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The best photos from the 2016-17 Vendée Globe
Banque Populaire wins in record-breaking time
The 2017 Vendée Globe round-the-world sailing race is drawing to a close with the first sailors crossing the finish line yesterday (January 19). It has been widely hailed as a classic and a large part of this was the blistering pace of the winner Banque Populaire.
This 18.28 metre CDK foiling monohull, flying North 3Di sails, was skippered by Musto ambassador Armel Le Cléac’h, who broke the course record by sailing 24,500 nautical miles in 74 days, 3 hours, 35 minutes and 46 seconds.
Hugo Boss takes second and 24hr distance record
Hopes were high for British entry Hugo Boss, skippered by Alex Thomson, and although the overall victory proved elusive, this Green Marine built racer did break the record for furthest distance sailed in 24 hours.
Between 0700 on January 15 and 0700 on January 16, Hugo Boss covered 536.81 miles at an average speed of 22.36 knots to break François Gabart’s record, which had stood for four years.
The British sailor is perhaps best known for his spectacular sailing stunt videos, which have included climbing the mast and keel of his racing yacht.
Photo: Vincent Curutchet / DPPI / Vendée Globe
Huge fleet sets off from Les Sables d'Olonne
The race got underway on November 6, with a huge fleet departing from the French port of Les Sables d'Olonne. The 29 racing yachts were accompanied by dozens of local spectator boats who turned out for the departure.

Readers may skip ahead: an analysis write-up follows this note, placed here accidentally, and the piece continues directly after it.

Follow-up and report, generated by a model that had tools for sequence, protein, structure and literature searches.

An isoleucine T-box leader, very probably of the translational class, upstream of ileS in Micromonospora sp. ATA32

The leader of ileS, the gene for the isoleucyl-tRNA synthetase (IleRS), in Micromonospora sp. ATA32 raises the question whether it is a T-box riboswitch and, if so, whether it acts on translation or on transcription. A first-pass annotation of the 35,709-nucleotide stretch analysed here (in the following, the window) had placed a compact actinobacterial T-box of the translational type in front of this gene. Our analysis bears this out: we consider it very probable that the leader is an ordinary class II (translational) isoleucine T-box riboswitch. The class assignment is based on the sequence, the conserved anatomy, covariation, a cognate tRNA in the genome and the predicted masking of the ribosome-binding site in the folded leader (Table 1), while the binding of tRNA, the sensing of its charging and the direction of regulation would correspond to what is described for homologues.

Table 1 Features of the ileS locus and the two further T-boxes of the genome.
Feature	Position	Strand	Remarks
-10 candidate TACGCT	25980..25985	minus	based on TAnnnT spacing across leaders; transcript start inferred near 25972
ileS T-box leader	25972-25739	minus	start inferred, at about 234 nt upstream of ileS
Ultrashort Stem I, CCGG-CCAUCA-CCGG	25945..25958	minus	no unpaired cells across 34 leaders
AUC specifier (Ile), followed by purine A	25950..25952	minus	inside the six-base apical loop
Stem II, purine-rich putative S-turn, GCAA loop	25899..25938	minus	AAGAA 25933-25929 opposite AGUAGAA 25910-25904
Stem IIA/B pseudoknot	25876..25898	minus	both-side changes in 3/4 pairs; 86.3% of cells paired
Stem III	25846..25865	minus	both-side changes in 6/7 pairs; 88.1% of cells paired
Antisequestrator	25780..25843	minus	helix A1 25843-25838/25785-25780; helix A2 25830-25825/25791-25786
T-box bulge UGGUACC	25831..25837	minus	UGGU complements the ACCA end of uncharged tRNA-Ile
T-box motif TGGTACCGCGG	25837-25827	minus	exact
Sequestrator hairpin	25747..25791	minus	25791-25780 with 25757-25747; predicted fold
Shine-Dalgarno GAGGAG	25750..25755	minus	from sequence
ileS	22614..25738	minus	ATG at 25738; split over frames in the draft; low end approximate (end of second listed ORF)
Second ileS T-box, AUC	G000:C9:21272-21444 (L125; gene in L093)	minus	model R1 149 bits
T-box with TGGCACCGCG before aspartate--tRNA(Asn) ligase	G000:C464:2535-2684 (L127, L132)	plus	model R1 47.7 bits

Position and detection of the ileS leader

Despite the intensely gruelling nature of the Vendée Globe, this year’s roster of skippers was evenly made up of veterans and rookies.
Photo: Jean-Marie Liot / DPPI / Vendée Globe
La Fabrique rounds Cape Horn
Of course one of the big appeals of the Vendée Globe is the chance to see some of the world’s most spectacular locations, as Cape Horn is always a highlight.
In this photo, taken on January 16, the historic racing yacht La Fabrique (ex-Superbigou) tackles the notorious cape with Swiss skipper Alan Roura at the helm.
First launched in 2000, La Fabrique was built by former Vendée Globe racer Bernard Stamm in his own back garden.
Photo: Prodis Security / La Fabrique / Vendée Globe
SMA is craned out in Tahiti
This year’s Vendée Globe was not without its upsets, however, with previous winner SMA (ex-Macif) being forced to retire. Her skipper, 34-year-old Frenchman Paul Meilhat, withdrew after suffering keel problems off Tahiti, however this unfortunate turn of events did give him the opportunity to mingle with the locals and explore the remote French Polynesian island.
Photo: Domenic Mosqueira / SMA / Vendée Globe
Foresight Natural Energy braves the cold
A large part of the Vendée Globe is braving extreme conditions, with much of the sailing taking place in the Southern Ocean. Kiwi skipper Conrad Colman snapped this dramatic pic on board Foresight Natural Energy and added: “I have 1,100 miles to go until the Horn, but at 54 degrees south I am only a thousand miles from Antarctica, and with the southerly winds blowing it feels like I'm skimming the sea ice as I go by.”
Photo: Conrad Colman / Vendée Globe